Changing Lenses

November 12, 2016
By , Congers, NY

A true high school story is one that consists of cliques, ups and downs, and an inevitable struggle to rise above diminished expectations. I'm not going to sugar coat what I've been through, because it’s nothing short of a s***load of mistakes and more mistakes. It was a constant struggle, a struggle in my own head. Do I live life the way my parents want me to, or do I let my choices mold me into who I want to be? Who am I? I am the son of parents that come from different values and culture. I grew up with the Indian culture instilled in me; I was raised to be exceptional, above average, and to exceed the norm. But how? How does that happen when all I want to do is fit in, fit in with the American culture. Being a “normal” kid was a constant struggle, a constant balancing act between being American and Indian in my head.

Freshman Year: I came into high school intimidated- intimidated by the expectations, intimidated by the idea creating a reputation, intimidated of the pressure to fit into a social clique. “Who do you hang out with?” is the typical conversation starter in high school. Was I a jock? A nerd? A pothead? An outcast? When you are so pressured to fit in at my age, your only option is to change who you are. This leads to you going to parties and experimenting with things like marijuana, alcohol, and “vaping,” just to fit into the “in-crowd.” I walked into my first party nervous as f***. My sweaty palms were shoved in my pocket and I stood around trying to figure out what to do. There were girls dressed...well, not like how they usually do in school and guys too drunk to know where they were. It wasn't the kind of party I was used to, but this is high school; I had to adapt. I grabbed a red solo cup from the table and drank away. “Ayyy, he’s getting messed up!” said a fellow classmate. My confidence started to rise and I thought to myself, ‘hey, this isn't so bad.’ The party ran its course and the popular kids started talking to me! We were making small talk when words I never heard before, like “getting blazed” and “baked,” started arising. Next thing I knew, I was outside in a circle with the cool kids, who were rolling up a blunt. “Have you gotten smacked before? You look kinda nervous bro.” “Yo guys, he gets first hit,” my “best friend” said. “What the hell is going?” on I thought to myself. This was all happening way too fast; I just wanted to fit in. Whatever… I had to adapt. They handed me what they called a blunt and the scraping of the igniting lighter was the last thing I heard.....“Is it supposed to feel like this?”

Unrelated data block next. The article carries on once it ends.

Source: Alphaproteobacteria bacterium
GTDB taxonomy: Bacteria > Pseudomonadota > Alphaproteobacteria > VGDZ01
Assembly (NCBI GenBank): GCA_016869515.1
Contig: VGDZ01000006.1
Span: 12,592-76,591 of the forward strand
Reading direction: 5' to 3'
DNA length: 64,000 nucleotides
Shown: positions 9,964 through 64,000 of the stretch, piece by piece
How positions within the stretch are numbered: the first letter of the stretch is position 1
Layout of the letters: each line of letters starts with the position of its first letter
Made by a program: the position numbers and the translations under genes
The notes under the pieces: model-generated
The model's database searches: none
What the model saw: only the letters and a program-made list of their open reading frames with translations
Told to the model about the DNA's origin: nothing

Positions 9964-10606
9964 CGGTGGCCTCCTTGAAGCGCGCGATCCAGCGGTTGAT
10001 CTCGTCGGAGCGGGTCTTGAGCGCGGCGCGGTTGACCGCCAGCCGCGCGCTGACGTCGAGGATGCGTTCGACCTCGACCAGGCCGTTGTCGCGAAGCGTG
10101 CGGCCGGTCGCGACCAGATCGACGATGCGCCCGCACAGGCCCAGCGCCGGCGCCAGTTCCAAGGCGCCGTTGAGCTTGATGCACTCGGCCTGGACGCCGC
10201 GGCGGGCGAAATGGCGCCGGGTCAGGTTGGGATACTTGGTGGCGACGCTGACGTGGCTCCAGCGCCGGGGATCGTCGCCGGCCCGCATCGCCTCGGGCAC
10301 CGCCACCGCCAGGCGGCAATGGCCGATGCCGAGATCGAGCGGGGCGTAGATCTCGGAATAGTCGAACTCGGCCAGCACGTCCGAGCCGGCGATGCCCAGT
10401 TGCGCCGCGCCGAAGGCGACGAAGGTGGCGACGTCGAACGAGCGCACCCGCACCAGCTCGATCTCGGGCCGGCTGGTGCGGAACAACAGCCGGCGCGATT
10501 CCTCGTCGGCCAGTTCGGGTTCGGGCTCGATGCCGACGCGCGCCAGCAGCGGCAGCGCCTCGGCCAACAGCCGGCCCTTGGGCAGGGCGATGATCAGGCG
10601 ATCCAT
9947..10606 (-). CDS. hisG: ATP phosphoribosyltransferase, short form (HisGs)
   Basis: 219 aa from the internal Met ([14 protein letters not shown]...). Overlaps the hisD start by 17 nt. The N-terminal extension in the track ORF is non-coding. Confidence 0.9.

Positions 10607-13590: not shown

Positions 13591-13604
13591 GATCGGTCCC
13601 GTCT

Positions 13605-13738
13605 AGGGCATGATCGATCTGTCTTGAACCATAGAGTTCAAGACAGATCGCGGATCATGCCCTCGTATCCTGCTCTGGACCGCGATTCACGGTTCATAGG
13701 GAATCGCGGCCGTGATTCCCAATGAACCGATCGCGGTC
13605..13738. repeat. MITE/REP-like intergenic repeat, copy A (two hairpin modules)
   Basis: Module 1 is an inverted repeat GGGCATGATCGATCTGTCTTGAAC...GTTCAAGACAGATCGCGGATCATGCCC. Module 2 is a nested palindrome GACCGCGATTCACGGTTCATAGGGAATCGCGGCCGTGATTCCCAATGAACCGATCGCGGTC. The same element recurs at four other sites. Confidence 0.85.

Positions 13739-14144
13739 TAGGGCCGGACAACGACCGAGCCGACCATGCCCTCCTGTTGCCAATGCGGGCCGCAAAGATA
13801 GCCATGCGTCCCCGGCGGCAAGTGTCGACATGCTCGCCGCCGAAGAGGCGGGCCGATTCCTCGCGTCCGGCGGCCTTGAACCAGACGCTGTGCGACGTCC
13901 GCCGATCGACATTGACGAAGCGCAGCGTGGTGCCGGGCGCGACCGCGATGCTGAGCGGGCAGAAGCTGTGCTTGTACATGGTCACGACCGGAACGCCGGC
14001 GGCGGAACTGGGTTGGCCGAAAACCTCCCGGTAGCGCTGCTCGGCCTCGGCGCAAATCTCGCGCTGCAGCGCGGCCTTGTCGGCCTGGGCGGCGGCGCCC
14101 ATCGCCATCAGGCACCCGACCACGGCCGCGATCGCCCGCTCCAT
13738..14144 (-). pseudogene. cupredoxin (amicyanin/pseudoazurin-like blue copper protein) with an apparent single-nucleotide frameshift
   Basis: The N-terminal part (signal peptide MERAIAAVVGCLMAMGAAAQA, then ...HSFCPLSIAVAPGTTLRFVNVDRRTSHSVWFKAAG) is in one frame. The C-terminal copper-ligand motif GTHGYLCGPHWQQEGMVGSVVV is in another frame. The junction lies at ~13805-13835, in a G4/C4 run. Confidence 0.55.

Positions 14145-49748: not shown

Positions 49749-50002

Sophomore Year: Potheads; yeah, that was my clique. I was fine with it. By the start of sophomore year, I had brought my dad to tears by ruining his image of me as the perfect son. He never looked at me the same, but it’s cool. I'm fine with it. My uncle, who's been my role model since the age of three, was in jail for something that wasn't his fault. But it's cool. I was fine with it. This was what my year consisted of: weed, a broken image, and a broken heart. I went through the motions of school, did the bare minimum and kept it all in. I should've talked to someone, but my friends would just call me a pussy and hand me a blunt and my traditional Indian parents were not options since they could never understand the emotions of a first generation Indian American. I just shoved my hands in my pocket, put a hood over my head and became another forgettable face in the crowd of wannabes. My uncle got out of jail in January. “Do you wanna be a loser for the rest of your life?” he shouted with rage. No. That was the complete opposite of who I was trying to be. I took that hood off, I flicked the blunt on the floor and stomped on it, along with that lifestyle.

Junior Year: I don't need a clique. I didn't need to be the person my so-called friends wanted me to be. This was the year I would create a new reputation for myself. This was the year that I would show my potential and hand my parents a report card I was proud of. “I don't want to be a loser,” I told my uncle randomly. “What are you talking about?” he said. He thought to himself for a second and then, a satisfied feeling grew on his face. From that day, I made it a mission to myself to be the person I had set out to be: a person that didn't need a clique, a person that didn’t need to do things to fit in or to be accepted by others. I needed to be the person that I wanted to be.

High School is still not over, and somehow I know that I will still continue to be faced with situations that will mold me into who I’m supposed to be. Who will I end up being? All that is to be answered as my high school story unravels.

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